Tuesday, March 28, 2017

Accessible design and the law: a personal vision

Brenda Rotzoll with editor Bob Mutter at a 2013 Chicago Sun-Times alumni dinner.

Web accessibility law is still sketchy but best-practice guidelines are clear, and users are your co-workers.

Without realizing it, I watched one of my co-workers go blind.

These things can happen slowly. Brenda Rotzoll was quite nearsighted as a Chicago Sun-Times feature writer. She never gave up her big 1990s-style glasses, and in a newsroom if you're not wearing glasses chances are you have contact lenses. As a reporter in the field, Brenda would take notes on a laptop computer. That was a new practice, and more reliable for her. One reason was that she was developing cataracts.

After surgery, Brenda was diagnosed with degenerative myopia. Her peripheral vision was good, but straightaway it was fuzzy. About 2 percent of the population has this severe form of nearsightedness, and the Macula Vision Research Foundation says it's the leading cause of blindness in adults 50 and older.

A few years after the diagnosis, Brenda was legally blind. She adopted special equipment for work, but impaired vision did not stop her; she had become the local expert on the Asian long-horned beetle, the inch-long insects that were infesting trees across the city.

These days special computers are no longer necessary to resolve many vision problems, or for that matter hearing or mobility issues. Anyone can change their computer's font size, colors and contrast, display closed captions or set up keybord shortcuts. Siri will read your email aloud.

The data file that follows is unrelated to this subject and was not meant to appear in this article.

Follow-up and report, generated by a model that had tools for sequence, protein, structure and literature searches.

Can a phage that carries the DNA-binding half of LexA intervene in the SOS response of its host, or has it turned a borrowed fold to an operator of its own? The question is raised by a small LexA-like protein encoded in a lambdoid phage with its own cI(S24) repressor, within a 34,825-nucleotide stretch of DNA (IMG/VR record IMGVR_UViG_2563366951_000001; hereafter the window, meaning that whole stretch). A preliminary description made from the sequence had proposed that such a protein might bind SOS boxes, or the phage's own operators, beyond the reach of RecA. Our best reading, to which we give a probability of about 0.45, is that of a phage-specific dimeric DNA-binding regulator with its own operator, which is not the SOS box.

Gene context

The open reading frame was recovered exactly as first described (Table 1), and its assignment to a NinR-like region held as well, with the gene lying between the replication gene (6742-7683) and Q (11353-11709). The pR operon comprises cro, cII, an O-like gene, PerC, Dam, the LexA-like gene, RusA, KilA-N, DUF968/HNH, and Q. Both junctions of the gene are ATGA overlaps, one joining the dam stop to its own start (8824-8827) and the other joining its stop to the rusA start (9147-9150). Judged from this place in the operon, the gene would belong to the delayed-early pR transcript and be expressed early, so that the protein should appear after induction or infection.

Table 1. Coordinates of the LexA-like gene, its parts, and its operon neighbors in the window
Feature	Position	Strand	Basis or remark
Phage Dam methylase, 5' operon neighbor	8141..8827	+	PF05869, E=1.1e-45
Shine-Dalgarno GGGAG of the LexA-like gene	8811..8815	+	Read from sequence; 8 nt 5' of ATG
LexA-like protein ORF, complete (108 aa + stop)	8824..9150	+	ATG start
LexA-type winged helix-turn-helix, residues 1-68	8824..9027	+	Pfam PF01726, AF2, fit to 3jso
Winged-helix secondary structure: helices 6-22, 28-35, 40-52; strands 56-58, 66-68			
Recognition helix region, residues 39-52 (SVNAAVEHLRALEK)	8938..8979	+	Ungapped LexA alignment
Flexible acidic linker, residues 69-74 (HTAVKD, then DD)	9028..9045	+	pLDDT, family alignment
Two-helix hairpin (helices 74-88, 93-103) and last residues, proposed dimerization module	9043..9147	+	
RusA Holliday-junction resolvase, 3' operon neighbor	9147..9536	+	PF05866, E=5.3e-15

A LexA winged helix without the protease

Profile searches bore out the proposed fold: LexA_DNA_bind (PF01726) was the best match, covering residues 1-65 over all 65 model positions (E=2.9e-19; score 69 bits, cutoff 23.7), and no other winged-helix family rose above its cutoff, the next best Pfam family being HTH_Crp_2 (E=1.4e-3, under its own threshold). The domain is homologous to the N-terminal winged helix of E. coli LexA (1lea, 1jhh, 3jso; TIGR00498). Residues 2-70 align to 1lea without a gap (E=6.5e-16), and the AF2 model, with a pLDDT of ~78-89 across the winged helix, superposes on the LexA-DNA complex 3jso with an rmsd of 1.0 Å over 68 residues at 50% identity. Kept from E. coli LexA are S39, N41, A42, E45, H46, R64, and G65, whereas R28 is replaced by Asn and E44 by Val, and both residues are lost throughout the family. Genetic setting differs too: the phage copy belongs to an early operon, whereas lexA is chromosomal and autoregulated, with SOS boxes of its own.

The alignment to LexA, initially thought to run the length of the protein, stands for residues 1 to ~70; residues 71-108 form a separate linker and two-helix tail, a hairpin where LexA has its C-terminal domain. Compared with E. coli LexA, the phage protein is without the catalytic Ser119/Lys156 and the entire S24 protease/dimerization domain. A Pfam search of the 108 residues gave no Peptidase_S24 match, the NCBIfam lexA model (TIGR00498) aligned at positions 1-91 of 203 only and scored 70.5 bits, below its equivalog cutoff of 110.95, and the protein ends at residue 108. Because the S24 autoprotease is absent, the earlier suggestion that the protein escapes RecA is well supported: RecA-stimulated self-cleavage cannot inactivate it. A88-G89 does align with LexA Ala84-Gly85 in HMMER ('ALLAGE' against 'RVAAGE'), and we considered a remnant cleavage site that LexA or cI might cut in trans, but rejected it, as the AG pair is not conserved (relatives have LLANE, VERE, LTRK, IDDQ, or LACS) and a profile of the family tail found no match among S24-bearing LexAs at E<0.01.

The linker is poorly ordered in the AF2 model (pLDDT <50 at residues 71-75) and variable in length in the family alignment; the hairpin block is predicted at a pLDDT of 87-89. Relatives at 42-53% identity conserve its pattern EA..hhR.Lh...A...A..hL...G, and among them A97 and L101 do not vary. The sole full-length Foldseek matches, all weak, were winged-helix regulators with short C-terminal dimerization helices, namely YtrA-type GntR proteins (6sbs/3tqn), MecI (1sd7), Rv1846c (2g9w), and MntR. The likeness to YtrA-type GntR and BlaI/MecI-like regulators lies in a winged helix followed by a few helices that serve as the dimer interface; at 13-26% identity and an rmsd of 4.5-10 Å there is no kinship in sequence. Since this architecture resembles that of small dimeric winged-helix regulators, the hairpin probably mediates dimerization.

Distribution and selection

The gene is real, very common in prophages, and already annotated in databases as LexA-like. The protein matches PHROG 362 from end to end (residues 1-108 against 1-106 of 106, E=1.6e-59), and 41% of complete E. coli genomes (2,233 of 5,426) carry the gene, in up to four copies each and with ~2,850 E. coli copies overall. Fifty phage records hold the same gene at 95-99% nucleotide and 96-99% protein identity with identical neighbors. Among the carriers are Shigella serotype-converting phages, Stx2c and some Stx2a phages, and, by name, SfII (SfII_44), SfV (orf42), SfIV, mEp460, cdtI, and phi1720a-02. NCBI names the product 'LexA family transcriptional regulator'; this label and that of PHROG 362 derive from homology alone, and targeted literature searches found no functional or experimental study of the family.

When I design websites, I take into account how people use these settings. In fact, it's the law. The Justice Department views websites as public accommodation under the Americans With Disabilities Act, and lawsuits over ADA web compliance are on the rise.

One case worth watching involves the Winn-Dixie grocery chain. A blind plaintiff in Florida claims he couldn't shop on its website. The Justice Department argues that this would be covered by the ADA even if Winn-Dixie weren't a brick-and-mortar chain. But that's not settled law; the 9th Circuit rejected that argument in a case against eBay.

The Americans With Disabilities Act has been law since 1990, yet the Department of Justice has given very little guidance on how it should work for websites. For instance, the law mandates certain state and local government services, but last year the feds shelved plans to issue regulations for the web. It wanted another round of public comment. The government's rules for .gov sites are only now falling into place. They may become the de facto standard not only for governments, but also for corporations who need more legal certainty.

The government is working from the open Web Content Accessibility Guidelines, or WCAG. Chicago and other cities have Meetup groups devoted to the subject. Designers can follow the hashtag #a11y. Those are the first and last letters in "accessibility," with a placeholder for the 11 characters in between.

For the most part, the guidelines are common sense: Follow a logical structure, use descriptive labels and back up visuals with text. These are familiar ideas from search engine optimization. I never liked using SEO to game the system, especially a system like the mysterious algorithm that changes without notice. But I have no reservatons following best practices for SEO. If a machine can find the important things, so will everyone else.

The same logic applies to accessibility. Utah State surveys people who use software to read what's on their screen, and only 64 percent are blind. Many have more modest vision issues. Some find spoken text easier to understand. Others want to get things done while they're jogging or driving.

Brenda's retired to Wisconsin, and we meet every few years for newsroom reunions. I like the idea that I'm designing for her. But really I'm designing for everyone.

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